An ice cream vendor gets cooled off for allegedly being hot-headed with a young customer; an alleged women's underwear thief is caught; and a chicken gets ticketed for crossing the road. Why do some people commit some peculiar crimes? To be immortalized in weekly editions of "The Crime Blotter."
PITTSBURGH -- Anger management awaits an ice cream man who got so hot under the collar with a young customer that he allegedly punched the boy.
A judge has placed Nazzareno Didiano, 44, on probation and ordered him to attend anger management classes for allegedly punching a 13-year-old boy who complained about the cost of his ice cream. In May 2004, Didiano, a vendor for Paul's Ice Cream Co., allegedly attacked the boy after the two had a verbal squabble.
At trial, the boy, now 14, told the judge that Didiano attacked him as he sat on his bike, punched him in the face and slammed him into a wall. Didiano admitted that they had a confrontation but denied punching the boy. He said the boy started the confrontation by calling him various obscenities.
"He instigated the whole thing," Didiano said. "I wanted to tell him I didn't appreciate being talked to like that."
Didiano was convicted of simple assault. He has since lost his vendor job with Paul's Ice Cream.
NEW WILMINGTON, Pa. -- A man was caught panty-handed when police arrested him outside a college dorm.
On May 7, James Brian Eberle, 32, was arrested outside Shaw Hall dormitory at Westminster College with his pants stuffed with women's underwear, police said. Authorities had received multiple reports about a man lurking outside the dorm's laundry room.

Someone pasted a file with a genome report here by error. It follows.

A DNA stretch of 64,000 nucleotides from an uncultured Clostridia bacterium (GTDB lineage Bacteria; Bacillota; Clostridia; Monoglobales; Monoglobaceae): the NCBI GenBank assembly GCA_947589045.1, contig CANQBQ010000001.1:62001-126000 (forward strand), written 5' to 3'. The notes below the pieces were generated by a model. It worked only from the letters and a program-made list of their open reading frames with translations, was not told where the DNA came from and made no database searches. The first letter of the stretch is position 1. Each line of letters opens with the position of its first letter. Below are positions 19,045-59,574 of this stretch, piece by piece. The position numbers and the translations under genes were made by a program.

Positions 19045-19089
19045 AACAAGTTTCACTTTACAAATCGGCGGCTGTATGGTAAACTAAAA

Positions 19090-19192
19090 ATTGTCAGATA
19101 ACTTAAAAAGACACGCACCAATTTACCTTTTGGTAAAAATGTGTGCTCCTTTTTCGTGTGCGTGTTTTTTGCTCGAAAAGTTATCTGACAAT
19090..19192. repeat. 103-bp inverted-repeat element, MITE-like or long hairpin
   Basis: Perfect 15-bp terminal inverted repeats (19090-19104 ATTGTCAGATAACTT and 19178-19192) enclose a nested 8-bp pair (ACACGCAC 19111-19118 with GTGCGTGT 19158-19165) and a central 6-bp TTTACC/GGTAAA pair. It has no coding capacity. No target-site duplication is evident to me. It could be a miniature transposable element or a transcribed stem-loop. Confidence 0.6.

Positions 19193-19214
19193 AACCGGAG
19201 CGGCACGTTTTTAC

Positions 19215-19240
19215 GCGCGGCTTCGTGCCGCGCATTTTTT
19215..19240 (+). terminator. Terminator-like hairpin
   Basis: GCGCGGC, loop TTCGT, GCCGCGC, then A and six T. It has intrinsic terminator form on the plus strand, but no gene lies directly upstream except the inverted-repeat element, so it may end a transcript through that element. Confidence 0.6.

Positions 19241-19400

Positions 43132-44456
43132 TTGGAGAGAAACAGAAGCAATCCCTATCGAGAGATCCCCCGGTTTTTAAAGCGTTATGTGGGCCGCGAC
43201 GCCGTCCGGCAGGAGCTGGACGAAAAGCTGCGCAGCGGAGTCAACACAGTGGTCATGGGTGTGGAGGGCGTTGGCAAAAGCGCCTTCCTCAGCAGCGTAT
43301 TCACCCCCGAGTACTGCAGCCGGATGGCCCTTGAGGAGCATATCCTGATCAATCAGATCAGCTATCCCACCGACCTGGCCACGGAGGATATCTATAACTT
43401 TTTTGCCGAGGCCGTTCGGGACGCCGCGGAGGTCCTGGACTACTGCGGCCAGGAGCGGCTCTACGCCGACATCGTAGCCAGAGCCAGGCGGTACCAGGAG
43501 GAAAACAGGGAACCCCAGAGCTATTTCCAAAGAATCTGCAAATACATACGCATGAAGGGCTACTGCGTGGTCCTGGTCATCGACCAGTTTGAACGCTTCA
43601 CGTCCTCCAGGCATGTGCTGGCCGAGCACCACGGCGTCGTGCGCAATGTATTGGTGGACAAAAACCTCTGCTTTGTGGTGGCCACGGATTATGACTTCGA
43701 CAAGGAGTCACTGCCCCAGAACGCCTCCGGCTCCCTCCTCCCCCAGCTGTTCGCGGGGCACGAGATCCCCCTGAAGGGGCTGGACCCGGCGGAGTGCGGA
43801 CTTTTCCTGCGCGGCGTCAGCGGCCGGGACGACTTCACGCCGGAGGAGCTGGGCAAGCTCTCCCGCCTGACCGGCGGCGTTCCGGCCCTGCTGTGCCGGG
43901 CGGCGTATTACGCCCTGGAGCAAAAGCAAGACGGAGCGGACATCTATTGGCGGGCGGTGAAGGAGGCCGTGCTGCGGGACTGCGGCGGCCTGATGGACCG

Police said they decided to arrest Eberle after they noticed him hanging out outside the laundry room. He has been charged with burglary, criminal trespass, theft by unlawful taking and receiving stolen property.
RIDGECREST, Calif. -- A chicken has been ticketed for crossing the road.
Linc and Helena Moore are challenging a ticket they received when one of their chickens allegedly held up traffic on a road in Johannesburg, a rural mining community near Ridgecrest. Kern County Sheriff's department officials have not commented on the Moores' case but they said chickens partially blocking the roadways in Johannesburg has been a persistent problem in the community and that they didn't believe warnings were enough to effectively address the issue.
However, the Moores said they believe they were ticketed because they have complained that sheriff's deputies have not done enough to control off-road vehicle riders who disrupt the neighborhood by damaging the roads, causing noise and kicking up dust. Sheriff's deputies believe they do their best to keep off-road riders away from homes and deny the Moores were targeted.